As described previously, alcohol has its own particular artifacts and rituals associated with it, due to its role in human material culture. Different cultures have their own drinking vessels as exemplified by the drinking horns of Nordic fame, puzzle jugs, Bell Beaker and Grooved Ware pottery, which is often assumed to have contained alcoholic beverages. With these, rituals develop. As described by Willis (2002), in 1873 Joseph Thomson came across a village in Tanzania performing a ritual:
“In the square of the village, propped against a tree, sat a poor woman, apparently half dead with illness of some sort, and looking very much as if she was in the stocks. Roundabout were some huge pots of native beer...In front of the woman the men danced in succession, with movements and gestures the most extraordinary… I learnt that they were employed in casting out devils from the woman in front of them, and to do this they required to use the most powerful charms they could think of, namely beer, dancing, and music.“ Simply put: If there’s no beer, it’s not a ritual [Willis 2002, pg 61]. Thus, alcohol consumption and production, and the associated material culture and rituals are intimately tied to human’s past. Furthermore, alcoholic drinks have substantial nutritional value and have formed a staple component of the diet in past societies. Cereal grains can become a porridge, bread or beer depending on which culinary practice is applied to it. Put in another way: alcohol represents value to a culture, and once it is consumed, that same value is absorbed into the body. It is of little surprise then, that fermented beverages have more cultural rituals associated with them when compared to other foods. Past and present societies use alcohol to define and reinforce cultural relations and identity. In previous anthropological studies, most of these societies promoted the drinking of alcoholic beverages as a means to provide refreshment and nutrition while strengthening family and community identity. Furthermore, each cultural identity developed as a response to the environment constructed by their ancestry (i.e. parents). In Europe, for example, the Roman historian Tacitus recorded the existence of a law amongst the Alemanii Germanic tribe, requiring the donation of beer to be made annually to the temple. How this tradition developed I am not sure, but it highlights beer’s role as a sacrificial item. With the production of fermented beverages humans have created a cultural variation in their diet, causing evolutionary change amongst the associated species and cultural change among different populations. Each successive population is subjected to more efficient brewing techniques, cultural variation in flavor, ritualistic and consumption practices, and more. This environmental inheritance has lead to certain populations to develop higher allele frequencies for more efficient ethanol metabolization. Hopefully, through research focused on the cultural context rather than abuse, a better understanding of humans relationship with alcohol will develop.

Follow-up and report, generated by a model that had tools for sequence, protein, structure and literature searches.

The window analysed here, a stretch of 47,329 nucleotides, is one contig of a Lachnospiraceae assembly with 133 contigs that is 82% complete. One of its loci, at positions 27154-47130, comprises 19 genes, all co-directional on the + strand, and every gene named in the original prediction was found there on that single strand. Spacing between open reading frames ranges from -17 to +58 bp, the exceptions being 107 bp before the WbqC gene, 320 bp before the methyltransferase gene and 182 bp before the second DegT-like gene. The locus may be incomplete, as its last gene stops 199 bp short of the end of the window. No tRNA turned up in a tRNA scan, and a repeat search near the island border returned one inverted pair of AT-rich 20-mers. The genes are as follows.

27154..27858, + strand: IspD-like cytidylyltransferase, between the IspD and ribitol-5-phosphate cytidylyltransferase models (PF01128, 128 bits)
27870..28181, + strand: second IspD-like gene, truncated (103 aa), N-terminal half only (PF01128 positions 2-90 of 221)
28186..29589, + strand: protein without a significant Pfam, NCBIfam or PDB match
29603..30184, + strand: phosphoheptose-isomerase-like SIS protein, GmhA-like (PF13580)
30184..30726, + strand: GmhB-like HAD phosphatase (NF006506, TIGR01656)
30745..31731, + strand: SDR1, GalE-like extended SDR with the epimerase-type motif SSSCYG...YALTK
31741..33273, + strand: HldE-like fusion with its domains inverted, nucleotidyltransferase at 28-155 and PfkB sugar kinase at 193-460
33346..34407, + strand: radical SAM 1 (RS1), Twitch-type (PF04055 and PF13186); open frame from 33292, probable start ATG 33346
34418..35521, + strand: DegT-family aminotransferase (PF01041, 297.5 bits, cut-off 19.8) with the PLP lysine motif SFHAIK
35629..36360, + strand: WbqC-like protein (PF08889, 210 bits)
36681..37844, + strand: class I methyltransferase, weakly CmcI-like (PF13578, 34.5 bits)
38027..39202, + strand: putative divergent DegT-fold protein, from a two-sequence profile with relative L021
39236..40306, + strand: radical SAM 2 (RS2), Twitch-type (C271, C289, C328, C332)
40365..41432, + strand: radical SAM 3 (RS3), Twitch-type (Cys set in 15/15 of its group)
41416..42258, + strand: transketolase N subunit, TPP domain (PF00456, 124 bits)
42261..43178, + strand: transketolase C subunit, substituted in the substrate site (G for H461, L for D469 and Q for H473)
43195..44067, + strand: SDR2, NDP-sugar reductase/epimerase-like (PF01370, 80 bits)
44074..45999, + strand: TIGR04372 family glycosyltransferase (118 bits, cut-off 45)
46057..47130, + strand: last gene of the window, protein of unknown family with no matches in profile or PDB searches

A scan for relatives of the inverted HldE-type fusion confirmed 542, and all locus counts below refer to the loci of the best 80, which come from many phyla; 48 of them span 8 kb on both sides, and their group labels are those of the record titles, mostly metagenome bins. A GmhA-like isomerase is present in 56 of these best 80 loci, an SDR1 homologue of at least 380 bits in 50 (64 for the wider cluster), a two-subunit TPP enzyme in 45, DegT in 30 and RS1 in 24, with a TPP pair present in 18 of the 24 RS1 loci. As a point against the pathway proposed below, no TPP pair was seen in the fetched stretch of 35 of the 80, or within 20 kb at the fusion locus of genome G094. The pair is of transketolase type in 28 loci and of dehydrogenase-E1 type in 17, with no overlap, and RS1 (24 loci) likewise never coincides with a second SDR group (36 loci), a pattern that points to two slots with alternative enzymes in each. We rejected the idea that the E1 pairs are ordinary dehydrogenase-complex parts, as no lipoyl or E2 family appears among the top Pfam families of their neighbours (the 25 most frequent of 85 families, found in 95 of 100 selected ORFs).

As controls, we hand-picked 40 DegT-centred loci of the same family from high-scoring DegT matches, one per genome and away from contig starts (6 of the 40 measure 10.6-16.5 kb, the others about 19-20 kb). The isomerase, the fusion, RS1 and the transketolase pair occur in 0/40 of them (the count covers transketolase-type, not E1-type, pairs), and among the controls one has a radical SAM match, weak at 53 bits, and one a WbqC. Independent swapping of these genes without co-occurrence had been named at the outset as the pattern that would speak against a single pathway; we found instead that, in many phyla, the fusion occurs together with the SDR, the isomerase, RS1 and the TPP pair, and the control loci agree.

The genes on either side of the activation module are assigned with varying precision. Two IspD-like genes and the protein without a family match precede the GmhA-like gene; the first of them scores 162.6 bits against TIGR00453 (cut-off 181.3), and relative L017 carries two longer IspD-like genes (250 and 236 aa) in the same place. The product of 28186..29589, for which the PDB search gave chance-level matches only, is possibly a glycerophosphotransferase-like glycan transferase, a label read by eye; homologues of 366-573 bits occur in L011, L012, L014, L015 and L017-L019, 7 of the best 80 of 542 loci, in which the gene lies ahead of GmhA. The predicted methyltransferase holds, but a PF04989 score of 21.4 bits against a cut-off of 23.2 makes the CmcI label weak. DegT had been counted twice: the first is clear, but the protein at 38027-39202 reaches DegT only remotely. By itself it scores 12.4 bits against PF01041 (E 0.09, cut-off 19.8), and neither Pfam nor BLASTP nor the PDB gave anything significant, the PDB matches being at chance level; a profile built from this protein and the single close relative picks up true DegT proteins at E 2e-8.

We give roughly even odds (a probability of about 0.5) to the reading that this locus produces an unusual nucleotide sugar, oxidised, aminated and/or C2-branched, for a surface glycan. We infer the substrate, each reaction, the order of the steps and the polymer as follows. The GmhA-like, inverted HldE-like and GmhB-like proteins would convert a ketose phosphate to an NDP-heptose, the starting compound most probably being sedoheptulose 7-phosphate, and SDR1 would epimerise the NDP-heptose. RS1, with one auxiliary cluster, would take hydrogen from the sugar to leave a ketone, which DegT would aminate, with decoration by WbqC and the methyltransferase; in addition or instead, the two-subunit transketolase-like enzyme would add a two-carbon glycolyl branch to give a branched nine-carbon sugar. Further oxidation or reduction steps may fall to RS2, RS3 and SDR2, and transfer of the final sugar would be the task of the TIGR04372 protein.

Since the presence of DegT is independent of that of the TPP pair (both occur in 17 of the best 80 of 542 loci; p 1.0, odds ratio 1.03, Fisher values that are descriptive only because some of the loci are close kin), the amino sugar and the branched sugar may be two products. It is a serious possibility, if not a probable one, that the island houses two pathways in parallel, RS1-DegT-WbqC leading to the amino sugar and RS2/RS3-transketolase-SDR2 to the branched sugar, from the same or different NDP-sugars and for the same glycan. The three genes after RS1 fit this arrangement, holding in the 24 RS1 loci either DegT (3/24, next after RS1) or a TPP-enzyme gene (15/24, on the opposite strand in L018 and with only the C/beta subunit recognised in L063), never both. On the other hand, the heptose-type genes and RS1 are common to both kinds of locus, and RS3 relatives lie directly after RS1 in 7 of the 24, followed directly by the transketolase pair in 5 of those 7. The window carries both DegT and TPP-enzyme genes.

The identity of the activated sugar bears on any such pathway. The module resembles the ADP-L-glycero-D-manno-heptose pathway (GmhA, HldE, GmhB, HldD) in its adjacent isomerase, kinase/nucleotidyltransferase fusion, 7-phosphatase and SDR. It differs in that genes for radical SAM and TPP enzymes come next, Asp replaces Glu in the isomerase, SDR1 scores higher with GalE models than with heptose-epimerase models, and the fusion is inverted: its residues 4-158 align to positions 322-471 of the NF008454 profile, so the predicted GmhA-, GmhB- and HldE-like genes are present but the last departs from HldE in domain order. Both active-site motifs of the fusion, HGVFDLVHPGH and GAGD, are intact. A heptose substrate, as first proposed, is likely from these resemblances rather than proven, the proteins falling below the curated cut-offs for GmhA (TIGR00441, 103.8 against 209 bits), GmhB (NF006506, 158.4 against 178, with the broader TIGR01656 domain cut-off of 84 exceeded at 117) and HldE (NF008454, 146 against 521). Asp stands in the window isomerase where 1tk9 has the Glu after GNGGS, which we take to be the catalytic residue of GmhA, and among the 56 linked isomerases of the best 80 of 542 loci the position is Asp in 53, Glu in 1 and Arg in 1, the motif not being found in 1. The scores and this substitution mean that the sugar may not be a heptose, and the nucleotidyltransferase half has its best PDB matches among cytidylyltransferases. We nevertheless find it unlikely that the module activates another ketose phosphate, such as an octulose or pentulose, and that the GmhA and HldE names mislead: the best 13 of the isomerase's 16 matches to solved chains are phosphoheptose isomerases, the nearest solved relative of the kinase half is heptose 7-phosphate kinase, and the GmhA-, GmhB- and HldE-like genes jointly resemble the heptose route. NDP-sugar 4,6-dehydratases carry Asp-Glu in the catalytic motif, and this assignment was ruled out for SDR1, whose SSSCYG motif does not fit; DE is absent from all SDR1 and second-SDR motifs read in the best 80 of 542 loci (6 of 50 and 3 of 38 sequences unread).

Alcohol deserves to be subjected to academic research as it can provide insight into human social behaviours, culture, and a better understanding of alcohol’s dangers and benefits.